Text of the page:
I met John Kappes more than two decades ago.
I was still plugging away at a weekly newspaper when he came to Portage High School, where he was was named boys track and field head coach a couple years later.
His enthusiasm for the sport was brimming, a quality that I, at the time, largely chalked up to his youth. While a few grays have worked their way into his hair since then, that fresh, right out-of-college energy never waned.
Kappes still derived great satisfaction from the success of his athletes, whether it was a state qualifier or a back-of-the-line kid who never competed in a varsity meet. His philosophy was simple: Anybody who gives him their best was going to get his best in return. I respect that professionally, but first and foremost as a parent who had a daughter and son, neither of them stars, come through the program.
Kappes may have been the boys coach and had his areas of expertise (pole vault), but that never stopped him from offering well-timed words of encouragement and/or advice. He knew some kids were out there mainly for the benefit of other sports, as sometimes is the case with track, but he didn't mind, as long as they respected his sport.
"John loves track and field and he loves helping kids," said Portage throws coach Mark Harsha, a kindred spirit who came to Portage in 1992, the same year as Kappes. "Every coach has his passion, but John coached the whole track, not one or two events. He really liked to develop kids who other people didn't think were worth much, which was cool to see. For so many years, we ran combined programs. I trust him so much. I couldn't ask for a better friend and coaching partner."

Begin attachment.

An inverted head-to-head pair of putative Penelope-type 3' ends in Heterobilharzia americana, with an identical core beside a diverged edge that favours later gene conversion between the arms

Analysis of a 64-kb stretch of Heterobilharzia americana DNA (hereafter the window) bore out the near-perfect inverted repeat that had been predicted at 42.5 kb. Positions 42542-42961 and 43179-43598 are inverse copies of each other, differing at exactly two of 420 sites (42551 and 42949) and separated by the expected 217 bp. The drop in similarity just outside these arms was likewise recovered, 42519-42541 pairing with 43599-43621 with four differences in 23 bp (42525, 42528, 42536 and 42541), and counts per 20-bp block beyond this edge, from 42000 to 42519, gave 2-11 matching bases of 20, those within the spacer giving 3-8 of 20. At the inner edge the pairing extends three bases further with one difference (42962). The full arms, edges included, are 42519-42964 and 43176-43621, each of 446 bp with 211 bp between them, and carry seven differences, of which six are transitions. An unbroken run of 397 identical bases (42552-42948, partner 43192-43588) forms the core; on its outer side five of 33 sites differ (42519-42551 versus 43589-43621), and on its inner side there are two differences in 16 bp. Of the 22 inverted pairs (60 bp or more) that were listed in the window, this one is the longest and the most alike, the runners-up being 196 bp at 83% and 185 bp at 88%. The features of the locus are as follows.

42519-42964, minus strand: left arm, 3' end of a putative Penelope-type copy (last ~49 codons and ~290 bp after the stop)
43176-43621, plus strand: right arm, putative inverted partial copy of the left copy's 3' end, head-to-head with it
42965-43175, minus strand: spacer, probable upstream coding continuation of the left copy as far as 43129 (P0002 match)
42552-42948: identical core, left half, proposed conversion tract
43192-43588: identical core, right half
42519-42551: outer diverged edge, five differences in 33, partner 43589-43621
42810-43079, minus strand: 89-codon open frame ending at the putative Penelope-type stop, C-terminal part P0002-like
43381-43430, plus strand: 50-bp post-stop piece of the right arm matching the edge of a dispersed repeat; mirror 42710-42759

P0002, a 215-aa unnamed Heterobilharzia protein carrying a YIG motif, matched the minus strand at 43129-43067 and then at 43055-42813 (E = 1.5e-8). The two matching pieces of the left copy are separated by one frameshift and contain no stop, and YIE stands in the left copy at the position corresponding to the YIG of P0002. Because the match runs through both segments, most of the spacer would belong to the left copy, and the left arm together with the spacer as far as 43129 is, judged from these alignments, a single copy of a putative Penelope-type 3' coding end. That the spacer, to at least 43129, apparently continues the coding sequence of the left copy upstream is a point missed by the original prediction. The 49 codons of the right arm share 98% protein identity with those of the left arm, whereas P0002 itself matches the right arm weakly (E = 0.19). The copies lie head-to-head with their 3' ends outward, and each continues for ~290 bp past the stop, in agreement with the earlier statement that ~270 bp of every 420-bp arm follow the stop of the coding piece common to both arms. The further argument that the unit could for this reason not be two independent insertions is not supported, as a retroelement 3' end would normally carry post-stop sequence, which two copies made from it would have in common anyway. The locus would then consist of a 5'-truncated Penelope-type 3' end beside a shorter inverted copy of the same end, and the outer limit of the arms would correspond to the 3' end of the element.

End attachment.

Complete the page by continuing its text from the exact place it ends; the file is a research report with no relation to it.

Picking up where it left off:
Success is often cyclical, but Portage never experienced the valleys that much of the athletics program went through in Kappes' time there, largely because he was the one constant in the staff directory. Coaches came and went in every other sport, probably numbering more than 50, while he remained.
Personal and health issues could have prompted Kappes to step away, but he didn't. The sport, and the kids, meant too much to him.
After the sectional, he confided that he thought the 2013 season could be it. I told him I hoped that wouldn't be the case, but to let me know if it was. When time passed and I hadn't heard from him, I assumed it was all just a matter of needing to recharge his battery.
Then came the heads up via text message Tuesday that he had resigned. Kappes remains an industrial technology teacher and hopes to stay involved with track in some capacity, and Portage would be foolish not to oblige.
"Trust me," Harsha said. "It gets in your blood."
In recent years, as desk work began to overtake event coverage, I probably had no more than five conversations with Kappes over the course of the season, and it was always time well spent. The chats routinely extended beyond coach-writer speak, as our association developed from acquaintances to friends. The longer you do something, the more you come to appreciate those relationships, and miss them when they're gone.
Portage will get another boys track coach, but it won't fill the void. You can't, not with one person.
"People like John are irreplaceable," Harsha said. "He's an amazing guy who's done wonderful things at Portage."